You Made Me Hit You!

Our last post was about whether the John Jay High School football players who intentionally hit a referee during a game could be found liable for the torts of assault and battery. As promised, we will now take up the racial slur issue and the defense of provocation.

Provocation is a defense to battery, but it is not a complete defense. Instead, it can be used to minimize the damages and it stems from the idea that a person should not be entitled to benefit from their own wrongful conduct. Or, in schoolyard terms: you started it.

To successfully prove the defense of provocation, if the case were pending in Tennessee, the two football players would have to prove the (1) the referee’s conduct was provocative; (2) the response to the provocation (the hits) were not wholly disproportionate to the offense offered (the alleged racial slur); (3) not enough time had passed between the hit and the alleged racial slur for them to cool off.

I believe most folks would consider a racial slur provoking. However, if this case were to go to trial, some jurors might be dubious that a racial slur was made. From reports that have surfaced, these two players had another reason to target the referee because he had ejected two of their teammates earlier in the game. And, some reports have suggested an assistant coach incited the players to get even with the referee for “cheating us”.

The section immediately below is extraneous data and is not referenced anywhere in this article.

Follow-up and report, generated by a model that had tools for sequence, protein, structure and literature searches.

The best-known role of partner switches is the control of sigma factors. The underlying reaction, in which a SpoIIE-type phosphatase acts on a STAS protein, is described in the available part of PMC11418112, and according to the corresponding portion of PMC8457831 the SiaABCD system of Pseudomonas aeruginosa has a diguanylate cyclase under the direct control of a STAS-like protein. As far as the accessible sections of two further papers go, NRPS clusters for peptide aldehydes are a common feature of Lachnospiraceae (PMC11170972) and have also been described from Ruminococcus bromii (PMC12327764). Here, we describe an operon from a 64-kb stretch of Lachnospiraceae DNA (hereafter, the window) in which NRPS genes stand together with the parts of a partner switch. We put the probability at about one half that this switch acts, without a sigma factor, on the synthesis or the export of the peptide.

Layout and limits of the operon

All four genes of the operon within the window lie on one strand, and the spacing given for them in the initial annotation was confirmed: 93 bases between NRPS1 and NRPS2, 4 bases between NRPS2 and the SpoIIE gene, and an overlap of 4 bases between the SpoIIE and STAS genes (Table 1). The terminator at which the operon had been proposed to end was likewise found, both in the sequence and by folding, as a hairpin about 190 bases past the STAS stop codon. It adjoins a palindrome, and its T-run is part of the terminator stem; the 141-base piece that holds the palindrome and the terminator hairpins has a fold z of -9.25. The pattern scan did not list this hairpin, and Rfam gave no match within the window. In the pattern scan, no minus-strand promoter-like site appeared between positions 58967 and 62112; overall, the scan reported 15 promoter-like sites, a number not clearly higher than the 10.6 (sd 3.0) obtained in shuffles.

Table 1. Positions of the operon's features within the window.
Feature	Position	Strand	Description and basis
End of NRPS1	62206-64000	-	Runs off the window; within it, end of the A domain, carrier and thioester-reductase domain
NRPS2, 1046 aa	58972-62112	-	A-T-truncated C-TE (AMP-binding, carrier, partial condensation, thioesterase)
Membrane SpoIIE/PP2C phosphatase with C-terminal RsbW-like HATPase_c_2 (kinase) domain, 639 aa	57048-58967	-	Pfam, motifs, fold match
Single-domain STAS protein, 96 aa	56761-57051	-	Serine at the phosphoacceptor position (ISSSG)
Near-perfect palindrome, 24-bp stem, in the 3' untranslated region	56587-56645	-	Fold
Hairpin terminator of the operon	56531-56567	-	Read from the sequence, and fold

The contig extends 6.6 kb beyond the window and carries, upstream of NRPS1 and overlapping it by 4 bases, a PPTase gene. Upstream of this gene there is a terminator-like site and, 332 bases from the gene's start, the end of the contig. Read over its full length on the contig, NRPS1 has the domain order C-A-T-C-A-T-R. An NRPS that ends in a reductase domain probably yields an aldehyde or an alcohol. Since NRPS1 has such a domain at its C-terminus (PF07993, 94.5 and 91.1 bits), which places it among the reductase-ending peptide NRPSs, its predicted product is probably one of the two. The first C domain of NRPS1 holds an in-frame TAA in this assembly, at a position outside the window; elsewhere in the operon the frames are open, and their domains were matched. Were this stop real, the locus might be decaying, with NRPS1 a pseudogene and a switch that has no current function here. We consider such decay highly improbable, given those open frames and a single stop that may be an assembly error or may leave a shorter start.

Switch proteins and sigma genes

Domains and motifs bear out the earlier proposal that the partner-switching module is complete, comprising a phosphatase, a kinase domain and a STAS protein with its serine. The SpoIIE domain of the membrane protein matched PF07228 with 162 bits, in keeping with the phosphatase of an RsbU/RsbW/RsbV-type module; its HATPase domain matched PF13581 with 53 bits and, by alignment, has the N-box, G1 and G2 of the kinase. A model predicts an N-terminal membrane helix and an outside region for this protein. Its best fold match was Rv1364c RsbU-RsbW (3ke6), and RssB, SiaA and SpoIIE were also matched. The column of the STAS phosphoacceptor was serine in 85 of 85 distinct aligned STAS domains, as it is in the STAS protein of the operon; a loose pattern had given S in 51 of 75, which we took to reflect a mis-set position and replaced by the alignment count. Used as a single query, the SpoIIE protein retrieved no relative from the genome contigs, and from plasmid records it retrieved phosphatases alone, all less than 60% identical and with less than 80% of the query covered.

Although I personally view the players’ response as wholly disproportionate, for the sake of argument, let’s assume reasonable minds might differ on that point because the defense will likely turn on the first factor, as already discussed, and third factor, the cooling off period.

While I do not have any information on when the racial slur was allegedly made, we do know the two football players did not shove or hit the referee immediately after the alleged racial slur was made. Rather, they waited. At a minimum, they waited until they had returned to their on-field positions, waited until the referee had his back turned and waited until play began again. As such, their reaction does not seem like a heat of the moment response but rather a calculated one.

In our next post, we will discuss the tort of defamation. The referee, through his lawyer, has suggested he might pursue legal action against the two players because they defamed him by falsely claiming he made a racial slur.

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